Iraq’s Post-ISIS Campaign of Revenge

This article is a repost promoting content originally published elsewhere. See more things Dan's reposted.

The next suspect insisted that he had been arrested by mistake—that his name was similar to that of someone in ISIS. A private defense lawyer explained that his client had confessed to ISIS affiliation under torture—he had a medical examination to prove it—but none of the judges appeared to be listening. As the lawyer spoke, they cracked jokes, signed documents, and beckoned their assistants to collect folders from the bench. Sahar yawned. The trial lasted eight minutes.

“Enough evidence—I ask for a guilty verdict,” the prosecutor said. It was the only phrase she uttered in court that morning.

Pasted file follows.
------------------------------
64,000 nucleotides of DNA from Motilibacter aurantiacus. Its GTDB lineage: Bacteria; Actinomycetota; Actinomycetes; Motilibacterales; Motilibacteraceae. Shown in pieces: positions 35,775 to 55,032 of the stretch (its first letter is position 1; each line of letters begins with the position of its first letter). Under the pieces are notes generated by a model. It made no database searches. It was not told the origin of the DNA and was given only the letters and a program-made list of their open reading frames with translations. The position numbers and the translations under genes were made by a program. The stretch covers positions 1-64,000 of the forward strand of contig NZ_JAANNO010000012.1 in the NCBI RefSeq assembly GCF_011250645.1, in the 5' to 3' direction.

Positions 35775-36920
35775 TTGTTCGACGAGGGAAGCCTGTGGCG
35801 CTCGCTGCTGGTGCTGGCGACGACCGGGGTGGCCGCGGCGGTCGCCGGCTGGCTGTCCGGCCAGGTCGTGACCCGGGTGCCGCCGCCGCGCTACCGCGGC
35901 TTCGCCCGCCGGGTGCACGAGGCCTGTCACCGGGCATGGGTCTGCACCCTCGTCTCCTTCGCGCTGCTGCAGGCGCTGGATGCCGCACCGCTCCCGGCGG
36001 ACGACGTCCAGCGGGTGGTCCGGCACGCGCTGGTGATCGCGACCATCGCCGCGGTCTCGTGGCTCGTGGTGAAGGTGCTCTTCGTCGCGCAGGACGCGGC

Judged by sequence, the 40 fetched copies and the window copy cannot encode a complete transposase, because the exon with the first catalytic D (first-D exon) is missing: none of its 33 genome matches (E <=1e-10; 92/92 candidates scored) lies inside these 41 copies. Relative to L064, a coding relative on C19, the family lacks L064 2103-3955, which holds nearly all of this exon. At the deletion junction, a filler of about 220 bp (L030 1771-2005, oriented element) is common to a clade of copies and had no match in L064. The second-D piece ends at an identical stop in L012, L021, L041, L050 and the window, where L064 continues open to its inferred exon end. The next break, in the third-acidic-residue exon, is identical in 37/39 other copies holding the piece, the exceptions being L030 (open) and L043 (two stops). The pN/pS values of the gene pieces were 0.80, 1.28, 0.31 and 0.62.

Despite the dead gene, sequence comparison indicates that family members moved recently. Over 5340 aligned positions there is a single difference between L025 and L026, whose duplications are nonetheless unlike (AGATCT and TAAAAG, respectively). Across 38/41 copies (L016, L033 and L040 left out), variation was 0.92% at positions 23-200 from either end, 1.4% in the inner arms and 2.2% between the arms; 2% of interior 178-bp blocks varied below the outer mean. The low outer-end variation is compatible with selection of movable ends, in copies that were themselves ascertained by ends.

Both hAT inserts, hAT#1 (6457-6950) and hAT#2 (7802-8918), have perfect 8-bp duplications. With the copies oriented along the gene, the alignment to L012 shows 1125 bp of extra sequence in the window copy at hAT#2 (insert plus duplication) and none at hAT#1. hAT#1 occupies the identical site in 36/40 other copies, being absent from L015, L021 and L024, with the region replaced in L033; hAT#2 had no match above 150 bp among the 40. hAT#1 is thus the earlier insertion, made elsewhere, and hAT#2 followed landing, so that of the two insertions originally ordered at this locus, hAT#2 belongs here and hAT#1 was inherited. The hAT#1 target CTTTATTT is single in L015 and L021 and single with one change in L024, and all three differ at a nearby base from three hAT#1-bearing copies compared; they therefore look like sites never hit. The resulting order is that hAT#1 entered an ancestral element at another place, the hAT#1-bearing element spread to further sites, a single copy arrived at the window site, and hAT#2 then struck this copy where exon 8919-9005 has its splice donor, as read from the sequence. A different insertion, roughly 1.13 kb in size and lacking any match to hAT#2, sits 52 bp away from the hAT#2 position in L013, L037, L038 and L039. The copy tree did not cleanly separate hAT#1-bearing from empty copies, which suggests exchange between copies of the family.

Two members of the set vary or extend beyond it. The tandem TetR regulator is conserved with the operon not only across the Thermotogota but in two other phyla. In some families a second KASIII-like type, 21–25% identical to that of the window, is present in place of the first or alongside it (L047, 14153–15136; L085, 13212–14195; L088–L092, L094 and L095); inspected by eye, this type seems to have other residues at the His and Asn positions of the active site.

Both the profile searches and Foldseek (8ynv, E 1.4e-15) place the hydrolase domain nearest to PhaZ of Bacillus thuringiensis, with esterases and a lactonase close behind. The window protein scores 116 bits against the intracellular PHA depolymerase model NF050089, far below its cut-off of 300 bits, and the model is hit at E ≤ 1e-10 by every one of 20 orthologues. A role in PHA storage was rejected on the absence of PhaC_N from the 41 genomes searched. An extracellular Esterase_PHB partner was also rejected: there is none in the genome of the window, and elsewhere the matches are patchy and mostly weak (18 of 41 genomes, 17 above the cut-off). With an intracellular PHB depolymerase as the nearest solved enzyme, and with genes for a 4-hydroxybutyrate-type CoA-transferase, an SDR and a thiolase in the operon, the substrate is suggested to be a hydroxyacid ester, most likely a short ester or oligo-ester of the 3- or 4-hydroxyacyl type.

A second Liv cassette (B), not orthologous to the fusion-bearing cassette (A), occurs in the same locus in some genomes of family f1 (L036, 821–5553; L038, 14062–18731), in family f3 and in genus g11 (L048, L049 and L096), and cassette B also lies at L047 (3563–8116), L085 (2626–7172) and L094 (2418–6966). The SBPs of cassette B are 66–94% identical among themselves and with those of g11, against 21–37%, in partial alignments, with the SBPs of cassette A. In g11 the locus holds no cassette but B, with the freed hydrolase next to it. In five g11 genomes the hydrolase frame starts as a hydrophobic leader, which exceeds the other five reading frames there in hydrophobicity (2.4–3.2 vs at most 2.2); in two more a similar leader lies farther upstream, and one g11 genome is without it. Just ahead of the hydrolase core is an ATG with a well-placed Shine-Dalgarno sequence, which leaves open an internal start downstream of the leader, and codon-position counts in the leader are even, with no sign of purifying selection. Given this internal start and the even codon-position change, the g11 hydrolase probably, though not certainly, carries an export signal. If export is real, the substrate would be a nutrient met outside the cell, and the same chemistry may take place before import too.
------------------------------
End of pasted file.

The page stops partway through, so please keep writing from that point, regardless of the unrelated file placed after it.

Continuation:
Iraq’s well out of the news cycle and even ISIS isn’t getting the coverage it once did. But for many in post-ISIS Iraq, the battle is far from over. A country bloodthirsty for revenge against the terrorists who held Mosul, a judiciary more-interested in fast results rather than right results, and a legal system that promotes and accepts confession under torture creates the perfect breeding ground for tomorrow’s disaster.

Leave a Reply

Your email address will not be published. Required fields are marked *